As finally built, the Type 432 was the first Vickers aircraft of wholly stressed-skin construction of stressed-skin aluminum panels that were flush-riveted to the closely-spaced circular structures that made up the airframe, and it made use of a so-called "lobster-claw" design for the wing torsion box, in which heavy-gauge skin had a thickened section to house the span wise spar booms, giving a profile shaped like a lobster claw so that conventional wing spars and ribs were omitted. Fabric covered the aft section of the wings and the aircraft’s control surfaces. The fuselage was a streamlined tube and the coolant radiators for the engines were buried within the wing. The pilot was accommodated in a relatively small, self-contained pressure cabin, his head being enclosed by a small, double-glazed dome, or "bubble", which hinged to one side for access and egress.
 
The Type 432 mockup was inspected in late December 1941, and the first prototype, DZ217, was built throughout 1942. The aircraft was built at Foxwarren, a special Vickers dispersal site for experimental work near Brooklands in Surrey, England. The site did not have an airfield, so the Type 432 was disassembled and transported to Royal Aircraft Establishment Farnborough for its first flight.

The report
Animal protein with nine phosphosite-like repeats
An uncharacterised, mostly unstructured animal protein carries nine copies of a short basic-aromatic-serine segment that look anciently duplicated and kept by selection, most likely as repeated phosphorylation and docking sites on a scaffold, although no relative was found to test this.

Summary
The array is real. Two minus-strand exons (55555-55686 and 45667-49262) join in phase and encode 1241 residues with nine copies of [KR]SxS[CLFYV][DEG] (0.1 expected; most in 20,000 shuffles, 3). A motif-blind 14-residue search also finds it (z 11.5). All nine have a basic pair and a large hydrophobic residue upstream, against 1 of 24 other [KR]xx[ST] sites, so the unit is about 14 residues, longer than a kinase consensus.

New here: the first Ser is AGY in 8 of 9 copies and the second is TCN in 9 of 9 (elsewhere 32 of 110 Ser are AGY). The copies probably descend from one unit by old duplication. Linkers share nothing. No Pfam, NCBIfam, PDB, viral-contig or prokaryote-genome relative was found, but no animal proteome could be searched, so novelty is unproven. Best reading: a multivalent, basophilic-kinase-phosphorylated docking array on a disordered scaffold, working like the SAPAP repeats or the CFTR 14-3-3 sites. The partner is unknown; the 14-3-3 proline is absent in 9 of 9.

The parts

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The Vickers Type 432 prototype DZ217 appears shortly after its completion at Foxwarren.
 
Powered by two Rolls-Royce Merlin 61 12-cylinder Vee-type engines rated at 1520hp (1,178 kW) at 23,500 ft (7,163 m), the first prototype Type 432 was flown on 24 December 1942, piloted by Tommy Lucke, initial trials revealing serious handling difficulties on the ground, the aircraft snaking while taxying and necessitating 3 in (76 mm) aft movement of the mainwheels to correct the bad tracking. The impossibility of making a three-point landing was only rectified by replacement of the Irving-type ailerons with surfaces of Westland type and alteration of tail settings. The competitive Westland Welkin was ordered into production and the second prototype of the Vickers fighter, the Type 446, was cancelled on 1 May 1943 before completion. This decision was not made official until 1 May 1943.